SITUATION OF CHUGHTAI ART IN INDIA AFTER PARTITION IN 1947 – AMAZING GUTTERISH ANALYSIS BY A BOMBAY CRITIC: “IT STINKS”

SITUATION OF CHUGHTAI ART IN INDIA AFTER PARTITION IN 1947
AMAZING GUTTERISH ANALYSIS BY A BOMBAY CRITIC: “IT STINKS”
Illustrated weekly review 1946

Prime Minister Jawaharlal Nehru knew the value of M.A. Rahman Chughtai. He started a campaign to lure Chughtai to India. The very first step he collected about 15 paintings of M.A. Rahman Chughtai and made a special room namely Chughtai Room in the National Museum of Modern Arts in Jaipur House Delhi. He also persuaded the publisher Dhoomi Mal Dharam Dass to print a volume of Chughtai Art on Hindu themes which was done in 1951. Nehru had already enticed some talents of Pakistan to India, like Baray Ghulam Ali and Amrita Pritam. He went on a quest to promote Chughtai art and continued to present Chughtai originals to foreign Heads of State (including China) assuming  Chughtai as  an Indian artist. Actually even in 1960 in Lahore in front of Field Marshal Ayub Khan at Governors House Nehru was still trying go persuade Chughtai to leave Pakistan for India. Not realizing the companion of Dr Allama Iqbal would die before doing anything like that.

Illustrated Weekly 1951

On the other hand the Indian Press was doing their natural thing. The same magazine offers different opinion in 1946 and then in 1951. The world changed objectivity of review maker. Some pages of the Illustrated weekly of India shows the sinister things. For instance the reviewer writes of him as:

“What limits his style is something which may perhaps be in his power to overcome- the excessive preoccupation with the formal and a sense of mission or message”
It stinks analysis

The MISSION OR MESSAGE was what made M.A. Rahman Chughtai the father of Art in Pakistan. But the weekly went further. A Bombay critic simply said of Chughtai Art:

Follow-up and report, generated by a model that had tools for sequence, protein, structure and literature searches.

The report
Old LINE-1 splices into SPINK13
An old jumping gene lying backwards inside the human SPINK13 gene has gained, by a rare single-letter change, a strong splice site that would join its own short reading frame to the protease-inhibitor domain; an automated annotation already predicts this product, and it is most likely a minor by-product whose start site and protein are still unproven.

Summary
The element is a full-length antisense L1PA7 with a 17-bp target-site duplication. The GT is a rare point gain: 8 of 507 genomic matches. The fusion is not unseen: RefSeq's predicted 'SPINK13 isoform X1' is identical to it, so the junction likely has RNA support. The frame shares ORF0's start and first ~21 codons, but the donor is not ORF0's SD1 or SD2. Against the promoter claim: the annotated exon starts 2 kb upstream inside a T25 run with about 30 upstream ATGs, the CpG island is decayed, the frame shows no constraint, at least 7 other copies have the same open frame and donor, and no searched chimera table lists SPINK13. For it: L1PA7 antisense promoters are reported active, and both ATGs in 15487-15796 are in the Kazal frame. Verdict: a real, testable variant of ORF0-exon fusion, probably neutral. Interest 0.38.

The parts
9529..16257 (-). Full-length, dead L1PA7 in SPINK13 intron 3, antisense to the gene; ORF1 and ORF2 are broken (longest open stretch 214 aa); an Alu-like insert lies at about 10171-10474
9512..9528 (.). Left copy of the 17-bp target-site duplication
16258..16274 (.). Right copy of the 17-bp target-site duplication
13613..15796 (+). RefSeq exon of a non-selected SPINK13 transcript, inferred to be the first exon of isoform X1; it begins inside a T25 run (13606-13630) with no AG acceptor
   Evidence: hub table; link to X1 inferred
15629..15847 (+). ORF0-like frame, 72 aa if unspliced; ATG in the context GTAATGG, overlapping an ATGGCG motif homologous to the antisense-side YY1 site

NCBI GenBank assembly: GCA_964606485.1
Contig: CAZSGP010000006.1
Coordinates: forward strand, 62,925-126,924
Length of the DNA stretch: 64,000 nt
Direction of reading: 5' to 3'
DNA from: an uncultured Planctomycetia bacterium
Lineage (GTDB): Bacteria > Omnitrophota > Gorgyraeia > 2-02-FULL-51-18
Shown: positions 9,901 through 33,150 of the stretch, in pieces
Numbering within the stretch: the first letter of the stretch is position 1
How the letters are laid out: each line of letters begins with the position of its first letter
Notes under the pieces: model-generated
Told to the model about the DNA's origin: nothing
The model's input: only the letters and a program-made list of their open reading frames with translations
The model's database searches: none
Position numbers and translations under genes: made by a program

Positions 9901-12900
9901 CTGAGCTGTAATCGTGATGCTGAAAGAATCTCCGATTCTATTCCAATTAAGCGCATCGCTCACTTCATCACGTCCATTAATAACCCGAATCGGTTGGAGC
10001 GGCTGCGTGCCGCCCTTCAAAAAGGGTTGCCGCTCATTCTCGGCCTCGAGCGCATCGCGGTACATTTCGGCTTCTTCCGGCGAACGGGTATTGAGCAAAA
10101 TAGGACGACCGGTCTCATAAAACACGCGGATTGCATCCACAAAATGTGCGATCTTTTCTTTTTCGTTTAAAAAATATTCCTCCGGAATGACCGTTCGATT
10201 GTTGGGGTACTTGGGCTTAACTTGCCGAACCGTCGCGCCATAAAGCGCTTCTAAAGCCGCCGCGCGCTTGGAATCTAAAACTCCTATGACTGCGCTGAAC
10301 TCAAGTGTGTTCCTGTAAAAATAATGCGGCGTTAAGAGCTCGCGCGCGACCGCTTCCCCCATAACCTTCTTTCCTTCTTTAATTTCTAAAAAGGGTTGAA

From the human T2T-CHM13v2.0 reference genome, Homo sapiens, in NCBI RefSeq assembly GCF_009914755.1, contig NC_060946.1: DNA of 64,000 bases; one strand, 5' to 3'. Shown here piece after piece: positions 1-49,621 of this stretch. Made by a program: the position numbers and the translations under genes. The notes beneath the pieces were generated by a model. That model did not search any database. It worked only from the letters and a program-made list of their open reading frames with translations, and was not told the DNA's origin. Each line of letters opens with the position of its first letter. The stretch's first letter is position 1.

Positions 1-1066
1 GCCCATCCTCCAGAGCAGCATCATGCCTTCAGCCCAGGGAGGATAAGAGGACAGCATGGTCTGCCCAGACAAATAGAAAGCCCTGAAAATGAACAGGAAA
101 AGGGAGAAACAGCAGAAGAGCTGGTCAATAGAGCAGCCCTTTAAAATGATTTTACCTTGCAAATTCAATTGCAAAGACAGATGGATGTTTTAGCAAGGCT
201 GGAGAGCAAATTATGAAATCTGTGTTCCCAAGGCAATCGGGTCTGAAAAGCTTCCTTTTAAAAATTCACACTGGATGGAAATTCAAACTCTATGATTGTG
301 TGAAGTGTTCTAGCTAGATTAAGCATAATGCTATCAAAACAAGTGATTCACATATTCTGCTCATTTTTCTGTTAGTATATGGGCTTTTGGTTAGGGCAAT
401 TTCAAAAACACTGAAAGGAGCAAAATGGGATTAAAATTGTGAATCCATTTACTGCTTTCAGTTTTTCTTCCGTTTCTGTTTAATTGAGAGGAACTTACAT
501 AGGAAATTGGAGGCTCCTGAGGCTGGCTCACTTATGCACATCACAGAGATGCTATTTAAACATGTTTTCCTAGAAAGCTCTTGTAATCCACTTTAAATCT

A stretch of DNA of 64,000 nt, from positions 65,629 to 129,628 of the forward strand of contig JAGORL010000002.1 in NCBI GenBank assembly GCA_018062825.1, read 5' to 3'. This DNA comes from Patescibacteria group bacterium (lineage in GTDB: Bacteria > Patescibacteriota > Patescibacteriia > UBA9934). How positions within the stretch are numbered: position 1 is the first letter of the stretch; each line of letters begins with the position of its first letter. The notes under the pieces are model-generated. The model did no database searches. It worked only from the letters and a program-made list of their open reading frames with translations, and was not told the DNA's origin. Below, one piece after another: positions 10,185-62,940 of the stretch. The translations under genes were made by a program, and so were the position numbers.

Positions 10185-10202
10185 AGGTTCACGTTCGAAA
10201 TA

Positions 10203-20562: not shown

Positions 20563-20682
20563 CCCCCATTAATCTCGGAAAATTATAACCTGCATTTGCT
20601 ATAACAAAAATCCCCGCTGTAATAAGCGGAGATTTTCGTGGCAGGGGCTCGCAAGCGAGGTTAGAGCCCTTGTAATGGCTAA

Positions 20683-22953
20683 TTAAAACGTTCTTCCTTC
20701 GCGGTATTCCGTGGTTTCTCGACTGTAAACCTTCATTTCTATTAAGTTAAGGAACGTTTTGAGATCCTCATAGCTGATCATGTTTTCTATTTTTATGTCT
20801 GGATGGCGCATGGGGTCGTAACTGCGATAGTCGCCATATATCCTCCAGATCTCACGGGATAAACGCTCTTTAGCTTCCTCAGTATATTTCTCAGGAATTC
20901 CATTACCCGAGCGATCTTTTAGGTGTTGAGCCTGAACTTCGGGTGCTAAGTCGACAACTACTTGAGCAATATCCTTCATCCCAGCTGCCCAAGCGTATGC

“IT STINKS”.
Sense of mission

It clearly shows the two nation theory in full perspective. The venom of the sinister Hindu would not come to rest and objectivity was alien to their thinking and feeling. The beautiful aura of a Chughtai’s painting had a paradise aroma and for such Hindu writers it stank. There are many things which actually stink and have charm for them. Obviously they can indulge in drinking stink. Need we say more!

Nehru and MARC

PRIDE OF LAHORE, MIAN SALAH MIMAR CHAUGHATA, ARCHITECT AND RELIGIOUS SCHOLAR DIED 11TH MAY 1858

PRIDE OF LAHORE, MIAN SALAH MIMAR CHAUGHATA, ARCHITECT AND RELIGIOUS SCHOLAR DIED 11TH MAY 1858

It is 161 years ago that Lahore had already braved the storm one year earlier of the 1857 War of Independence, or the Mutiny as the English called it. It was an environment of exceptionally talented people. Islamic Ideology was the touch stone of the area. Various personalities were brave enough to rebel against royal decrees. In this Mohalla lived the famous Qazi of Akbar’s time, Qazi Saderuddin, who was so popular in Lahore. Akbar could not do him any harm except to expel him from the city. The same area housed Imam Jan Muhammed who flouted the royal orders of Emperor Bahadur Shah and was prepared to die for the cause. Imam Muhammed Siddique of Wazeer Khan Mosque could ridicule Ahmad Shah Abdali who was saying his prayers behind him.